The Transylvania Times -

By Mark Todd
Staff Writer 

County Wants City Help

 

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Transylvania County commissioners want the City of Brevard to share in the cost of fixing drainage problems in and around the public safety complex.

County Manager Artie Wilson initially asked the board during its regular meeting Monday for permission to go out and seek bids for the project, which is estimated to cost $178,000.

The project would take water that now overflows to the east side of the safety complex and onto Morris Road and nearby properties during heavy rains and move it west to Lamb's Creek.

Wilson said the county wants to be "a good neighbor." Commissioners agreed but noted that the entire area is inside the city limits and that the city has already received funds from the county in connection with the project for sidewalks that have yet to be built.

It was suggested that the city participate in the cost of the work.

The drainage improvements conform to the standards of the city's Unified Development Ordinance (UDO).

"I don't think the county should bear the brunt of this alone," Commissioner Kelvin Phillips said.

At the very least, the subject should be discussed, commissioners decided.

An initial motion to authorize staff to go out for bids was made by Chairman Mike Hawkins and seconded by Commissioner Daryle Hogsed. The motion failed 3 to 2, with Commissioners Larry Chapman, Kelvin Phillips and Jason Chappell voting against it.

The second motion was to communicate and review the issue with the city and put forth a proposal to share the costs of resolving the storm water issue.

This motion was made by Phillips and seconded by Chappell.

Chappell expressed concern about only dealing with the backside of the property, which drains to the Goodson property North of the complex.

The motion passed 4 to 1, with Chapman voting against it.

All the board members are unhappy about the way the drainage system has worked since the safety complex has opened.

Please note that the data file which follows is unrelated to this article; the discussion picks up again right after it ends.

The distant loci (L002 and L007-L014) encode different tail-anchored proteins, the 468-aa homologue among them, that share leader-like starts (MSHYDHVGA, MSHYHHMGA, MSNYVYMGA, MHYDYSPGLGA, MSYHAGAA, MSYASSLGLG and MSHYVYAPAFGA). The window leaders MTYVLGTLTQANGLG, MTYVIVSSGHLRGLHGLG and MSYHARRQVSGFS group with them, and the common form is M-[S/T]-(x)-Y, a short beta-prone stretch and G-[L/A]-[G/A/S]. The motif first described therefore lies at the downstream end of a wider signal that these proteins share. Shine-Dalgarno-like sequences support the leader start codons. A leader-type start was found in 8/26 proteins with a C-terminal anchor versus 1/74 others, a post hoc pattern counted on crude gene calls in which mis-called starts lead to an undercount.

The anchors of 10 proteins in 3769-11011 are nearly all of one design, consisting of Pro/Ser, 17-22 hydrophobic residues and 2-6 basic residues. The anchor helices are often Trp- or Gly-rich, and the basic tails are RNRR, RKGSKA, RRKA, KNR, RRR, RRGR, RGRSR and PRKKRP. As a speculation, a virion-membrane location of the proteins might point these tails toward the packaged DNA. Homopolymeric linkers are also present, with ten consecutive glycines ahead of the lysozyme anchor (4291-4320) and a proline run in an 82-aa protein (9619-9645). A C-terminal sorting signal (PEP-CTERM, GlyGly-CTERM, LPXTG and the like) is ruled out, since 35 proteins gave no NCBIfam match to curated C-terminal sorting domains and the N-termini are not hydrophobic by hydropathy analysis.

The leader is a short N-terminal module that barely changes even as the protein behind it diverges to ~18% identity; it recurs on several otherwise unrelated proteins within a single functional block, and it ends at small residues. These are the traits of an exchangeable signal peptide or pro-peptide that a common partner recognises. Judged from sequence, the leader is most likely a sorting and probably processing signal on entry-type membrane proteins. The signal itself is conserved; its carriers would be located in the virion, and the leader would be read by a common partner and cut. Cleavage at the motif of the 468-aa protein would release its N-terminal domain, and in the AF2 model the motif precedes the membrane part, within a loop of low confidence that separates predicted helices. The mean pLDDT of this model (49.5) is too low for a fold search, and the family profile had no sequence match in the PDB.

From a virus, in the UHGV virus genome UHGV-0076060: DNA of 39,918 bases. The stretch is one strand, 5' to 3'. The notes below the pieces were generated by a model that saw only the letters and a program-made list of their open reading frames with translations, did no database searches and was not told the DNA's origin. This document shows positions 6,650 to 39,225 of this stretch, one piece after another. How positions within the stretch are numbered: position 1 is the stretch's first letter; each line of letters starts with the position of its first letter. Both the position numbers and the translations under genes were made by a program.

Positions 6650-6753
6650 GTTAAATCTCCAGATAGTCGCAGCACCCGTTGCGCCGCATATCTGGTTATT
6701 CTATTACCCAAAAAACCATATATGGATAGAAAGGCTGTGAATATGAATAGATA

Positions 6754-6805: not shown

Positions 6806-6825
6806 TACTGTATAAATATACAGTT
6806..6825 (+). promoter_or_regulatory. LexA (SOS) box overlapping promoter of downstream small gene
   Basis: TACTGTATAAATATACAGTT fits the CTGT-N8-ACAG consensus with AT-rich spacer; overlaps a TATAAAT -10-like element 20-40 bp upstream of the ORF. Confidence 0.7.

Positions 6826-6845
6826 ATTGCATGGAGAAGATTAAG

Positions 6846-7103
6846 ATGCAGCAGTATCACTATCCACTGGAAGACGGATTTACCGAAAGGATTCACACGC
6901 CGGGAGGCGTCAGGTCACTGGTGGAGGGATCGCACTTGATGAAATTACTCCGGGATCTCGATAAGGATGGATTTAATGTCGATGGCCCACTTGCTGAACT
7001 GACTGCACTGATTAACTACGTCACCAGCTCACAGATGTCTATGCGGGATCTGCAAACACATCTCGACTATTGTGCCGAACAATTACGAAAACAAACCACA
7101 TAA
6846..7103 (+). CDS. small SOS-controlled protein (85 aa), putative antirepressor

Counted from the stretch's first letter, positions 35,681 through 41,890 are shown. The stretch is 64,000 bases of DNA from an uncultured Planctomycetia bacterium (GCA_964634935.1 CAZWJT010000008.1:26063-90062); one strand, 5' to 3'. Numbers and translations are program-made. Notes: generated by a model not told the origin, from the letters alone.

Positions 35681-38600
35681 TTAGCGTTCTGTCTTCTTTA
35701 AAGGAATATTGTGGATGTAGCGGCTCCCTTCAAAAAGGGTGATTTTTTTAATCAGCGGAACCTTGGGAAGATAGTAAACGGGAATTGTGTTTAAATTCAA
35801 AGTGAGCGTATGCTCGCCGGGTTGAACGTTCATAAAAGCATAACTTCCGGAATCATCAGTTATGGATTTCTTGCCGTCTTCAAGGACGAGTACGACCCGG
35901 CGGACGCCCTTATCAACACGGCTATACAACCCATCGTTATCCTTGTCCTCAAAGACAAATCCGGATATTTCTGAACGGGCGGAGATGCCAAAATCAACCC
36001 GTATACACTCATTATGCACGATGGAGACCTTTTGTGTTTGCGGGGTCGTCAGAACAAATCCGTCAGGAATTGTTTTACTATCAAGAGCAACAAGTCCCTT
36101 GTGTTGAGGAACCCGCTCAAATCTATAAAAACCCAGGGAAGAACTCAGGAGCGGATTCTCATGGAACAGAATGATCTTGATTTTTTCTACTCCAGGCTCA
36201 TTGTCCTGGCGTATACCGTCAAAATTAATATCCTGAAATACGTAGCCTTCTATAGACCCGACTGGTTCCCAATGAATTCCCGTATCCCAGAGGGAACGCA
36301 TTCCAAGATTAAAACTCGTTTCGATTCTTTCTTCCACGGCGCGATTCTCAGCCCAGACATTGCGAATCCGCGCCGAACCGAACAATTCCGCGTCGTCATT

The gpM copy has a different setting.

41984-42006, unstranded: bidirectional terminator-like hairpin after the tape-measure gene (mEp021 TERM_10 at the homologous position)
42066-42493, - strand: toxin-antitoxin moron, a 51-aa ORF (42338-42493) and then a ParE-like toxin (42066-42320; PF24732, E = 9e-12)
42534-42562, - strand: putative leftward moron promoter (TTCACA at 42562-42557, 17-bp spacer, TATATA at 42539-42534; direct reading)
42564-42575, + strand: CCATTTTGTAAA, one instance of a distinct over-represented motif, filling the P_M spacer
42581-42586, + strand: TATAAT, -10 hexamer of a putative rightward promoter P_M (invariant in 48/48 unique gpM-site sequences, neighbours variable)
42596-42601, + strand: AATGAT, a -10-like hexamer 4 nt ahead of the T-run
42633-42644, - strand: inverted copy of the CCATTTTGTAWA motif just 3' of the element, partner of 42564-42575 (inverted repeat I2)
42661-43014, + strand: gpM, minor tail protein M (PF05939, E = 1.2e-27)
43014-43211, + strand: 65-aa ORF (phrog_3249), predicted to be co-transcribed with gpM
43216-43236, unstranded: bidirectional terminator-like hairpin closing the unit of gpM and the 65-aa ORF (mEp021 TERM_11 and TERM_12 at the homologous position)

Wilson's proposal is to work with a couple of nearby property owners, including The Oaks, a convalescent center, to obtain easements and work on the issue.

During a recent downpour, he said, there was water on Morris Road, Wilson said.

Wilson said this improvement would be essential to any future expansion on the site.

The county has discussed the possibility of someday building a new judicial complex just east of the safety complex and west of Brevard Community Church.

Economic Development

The city and the UDO faced criticism during a discussion about economic development. Commissioners unanimously accepted an annual report on the work done to implement the county's Economic Development Strategic Plan. They said staff and volunteers who serve on the county's Economic Development Advisory Board (EDAB) are to be commended for their hard work to develop jobs and expand the local economy.

However, Chapman and Phillips said they continue to hear complaints from members of the community and business people who feel both Brevard and Transylvania County are not "business friendly."

The county lacks sufficient available sites that could easily be developed for commercial or industrial activity, and the city's UDO is too restrictive, according to a number of people who have communicated with those commissioners, they said.

Bill Towler, EDAB chairman, and commissioners said they stand ready to do all they can to help change that perception and encourage economic development.

Hogsed, a frequent critic of what he believes to be overly restrictive city policies, said he had heard that the city is planning to prepare its own economic development plan.

"That's great. I'd love to know what they'd allow in the city limits," he said.

 
 

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